A Tale Of Two Cities

My last three posts have been a coronavirus series, so I’m going to be putting in the links here so as to refer back to them easily for now. These are the three posts so far.

18th February – Peering Through The Fog Around Coronavirus COVID-19

24th February – Some Genuine Coronavirus Numbers Coming Through

28th February – Falling Down The Steps

I live in Chester in the UK, and the government here has been gearing up heavily for a coronavirus COVID-19 outbreak. There have been dedicated facilities set up to test and treat those affected for several weeks now, and the government has made it very clear that it will take strong measures to combat any COVID-19 outbreak here, up to and including shutting down travel and quarantining entire cities if necessary. As the evidence so far worldwide suggests that a strong response can contain an outbreak this is very reassuring.

I have a friend living in Bedford Texas, and last week he was at a local hospital asking about COVID-19 preparation. He was told that in the event that it became an issue at all, it would most likely be less of a problem than the usual flu fatalities in any normal year, and that really it was nothing to worry about. Since then the first serious outbreaks have been detected in California, New York and other areas and we’ll see whether this will prompt the serious response needed to contain COVID-19 in the US. In the meantime the US is still seriously behind the curve on this, and needs to catch up fast:

On the markets last night was strange to say the least. After US equity index futures hit 5% down from Friday’s close they effectively shut down until the RTH open, when they immediately fell to 7% down, closing again for 15 minutes and then dropped again to find a low slightly over 2700. Since then they have been rallying but will likely see lower soon.

Another strange thing today is that stockcharts.com has been down since the open, so I’ll be using the charts I did for subscribers yesterday, but those should be fine.

In my last post on 28th February I was talking about the big rally that we should see on SPX and noted the two obvious bounce levels for that rally at the possible H&S necklines at 2856 and 2822. The low was at 2855, a whisker under that first level and the 50% retracement rally that followed was a somewhat high but still perfectly acceptable H&S right shoulder. That H&S has broken down at the open today of course, with a target at a full retracement back to the Dec 2018 low at 2346.58. If seen that would be below the rising megaphone support from the 2011 low currently in the 2500 area, and would be a decent match with rising support from the 2009 low. I’ve marked up the H&S below.

SPX 60min chart:

On the daily chart the daily sell signals have made target of course and, as and when stockcharts is back up, there may now be daily positive divergence, but I’d be pretty surprised to see a major reversal directly back up from here.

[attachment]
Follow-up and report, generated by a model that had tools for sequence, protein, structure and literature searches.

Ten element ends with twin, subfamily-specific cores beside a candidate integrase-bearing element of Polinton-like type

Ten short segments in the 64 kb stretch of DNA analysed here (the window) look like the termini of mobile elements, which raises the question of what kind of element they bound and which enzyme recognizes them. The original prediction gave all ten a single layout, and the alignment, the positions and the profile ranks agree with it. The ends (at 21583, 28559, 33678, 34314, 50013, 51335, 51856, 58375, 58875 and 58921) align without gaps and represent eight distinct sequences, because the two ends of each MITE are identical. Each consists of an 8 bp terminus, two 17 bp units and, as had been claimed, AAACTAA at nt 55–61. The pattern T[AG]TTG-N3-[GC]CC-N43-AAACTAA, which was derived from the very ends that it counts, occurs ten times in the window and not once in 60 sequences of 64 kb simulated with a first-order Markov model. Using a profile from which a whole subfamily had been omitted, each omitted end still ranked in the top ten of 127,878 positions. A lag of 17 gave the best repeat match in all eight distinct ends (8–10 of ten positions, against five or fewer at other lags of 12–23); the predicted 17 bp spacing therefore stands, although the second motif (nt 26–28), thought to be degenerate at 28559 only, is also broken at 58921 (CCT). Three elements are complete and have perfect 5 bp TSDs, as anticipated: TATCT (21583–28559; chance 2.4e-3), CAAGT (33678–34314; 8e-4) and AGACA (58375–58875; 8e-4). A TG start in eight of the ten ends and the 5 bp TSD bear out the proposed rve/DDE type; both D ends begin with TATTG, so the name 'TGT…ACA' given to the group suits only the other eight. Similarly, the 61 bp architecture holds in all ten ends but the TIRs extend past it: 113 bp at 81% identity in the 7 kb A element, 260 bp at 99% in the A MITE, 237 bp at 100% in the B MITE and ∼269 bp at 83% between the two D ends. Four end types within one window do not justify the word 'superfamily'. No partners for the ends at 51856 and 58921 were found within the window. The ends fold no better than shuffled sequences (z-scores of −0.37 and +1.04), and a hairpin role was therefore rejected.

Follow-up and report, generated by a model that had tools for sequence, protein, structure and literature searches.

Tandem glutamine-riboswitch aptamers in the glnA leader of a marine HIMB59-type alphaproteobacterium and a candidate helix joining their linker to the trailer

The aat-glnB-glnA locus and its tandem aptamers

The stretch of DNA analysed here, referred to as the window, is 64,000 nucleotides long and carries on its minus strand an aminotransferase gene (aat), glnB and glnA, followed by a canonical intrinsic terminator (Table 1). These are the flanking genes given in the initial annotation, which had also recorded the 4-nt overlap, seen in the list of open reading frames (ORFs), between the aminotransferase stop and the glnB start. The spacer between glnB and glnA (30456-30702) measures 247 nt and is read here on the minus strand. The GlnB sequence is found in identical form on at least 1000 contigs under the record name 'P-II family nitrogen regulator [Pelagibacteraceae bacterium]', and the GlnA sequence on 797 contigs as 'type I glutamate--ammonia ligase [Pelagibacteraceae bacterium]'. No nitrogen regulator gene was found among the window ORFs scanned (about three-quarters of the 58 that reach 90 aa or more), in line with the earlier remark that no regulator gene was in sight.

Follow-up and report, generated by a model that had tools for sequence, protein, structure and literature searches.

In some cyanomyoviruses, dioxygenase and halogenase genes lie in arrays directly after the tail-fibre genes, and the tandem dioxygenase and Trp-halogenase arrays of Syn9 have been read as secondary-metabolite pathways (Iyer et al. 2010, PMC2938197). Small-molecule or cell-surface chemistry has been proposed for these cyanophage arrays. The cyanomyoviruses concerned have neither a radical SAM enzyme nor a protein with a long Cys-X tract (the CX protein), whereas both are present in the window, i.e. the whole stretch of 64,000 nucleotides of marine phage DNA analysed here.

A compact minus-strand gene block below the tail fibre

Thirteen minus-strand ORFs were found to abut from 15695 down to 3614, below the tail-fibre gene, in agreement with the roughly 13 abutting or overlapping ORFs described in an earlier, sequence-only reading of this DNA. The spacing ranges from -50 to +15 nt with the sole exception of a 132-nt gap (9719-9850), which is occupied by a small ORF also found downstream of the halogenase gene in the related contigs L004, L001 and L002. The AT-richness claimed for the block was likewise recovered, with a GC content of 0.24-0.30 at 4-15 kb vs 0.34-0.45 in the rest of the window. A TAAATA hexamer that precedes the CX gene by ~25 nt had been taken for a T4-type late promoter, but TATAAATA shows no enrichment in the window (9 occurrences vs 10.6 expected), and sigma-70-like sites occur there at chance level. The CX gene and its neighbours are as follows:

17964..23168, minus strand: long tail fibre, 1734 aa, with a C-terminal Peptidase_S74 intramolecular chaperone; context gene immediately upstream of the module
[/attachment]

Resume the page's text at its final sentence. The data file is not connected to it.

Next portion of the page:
SPX daily chart:

On the SPX weekly chart there is an open RSI 14 sell signal that will likely reach target this week. This is the best chart to see the rising megaphone support trendline from the 2011 low, and this is now very much the obvious next big target.

SPX weekly chart:

On the SPX monthly chart you can see the rising support trendline from the 2009 low, currently in the 2350 area as I mentioned, and a strong match with the H&S target at a retest of the 2018 low at 2346.58. If seen, this area is a strong candidate for a low, or at least a big rally.

SPX monthly chart:

One question I was asked in my premarket video this morning was how much impact the Fed could expect to have in this news environment. Well they have already given us the rally high on SPX on the brief spike on the 0.5% rate cut last week. That didn’t last long and as I recall from 2008/9, he impact the Fed was having in a very strong news environment was at best delayed for any sustained reaction. I don’t think even a full percentage point cut at this stage would do more than rally the tape for a day or two, and perhaps not even that.

There is another issue here. In normal times the Fed would be cutting rates from a level that was a lot further from zero. Interest rates are already at historic lows and can’t be cut much without resorting to negative interest rates, which might or might not be effective in any case as they have never been tried on any real scale. In terms of QE, in effect QE4, at a level higher than any of the previous three QE interventions, has already been running for several months and is still ongoing. The fact that the Fed has been avoiding calling this QE4 doesn’t change the numbers, which are what they are. (Not) QE4 helped push markets into ever higher highs until recently, but hasn’t done anything so far to slow this decline. To the contrary, pushing so much air into the markets over recent months has likely accelerated this decline so far. The Fed may not have much to offer here and markets likely just need to find a new level the old fashioned way.

Has the bull market from the 2009 low finished? If we see a break below rising support from the 2009 low then maybe, but I as was saying on 24th Feb, this is all likely to deliver a major buying opportunity later this year from a level we are unlikely to be close to yet. Best case on COVID-19 is that this outbreak peaks in April and currently cases outside China are still doubling every three days, so the next few weeks should be pretty interesting.

In the short term I’m watching the 2855-60 level today as the backtest of the broken H&S neckline. If reached, SPX may well turn back down towards lower lows there.

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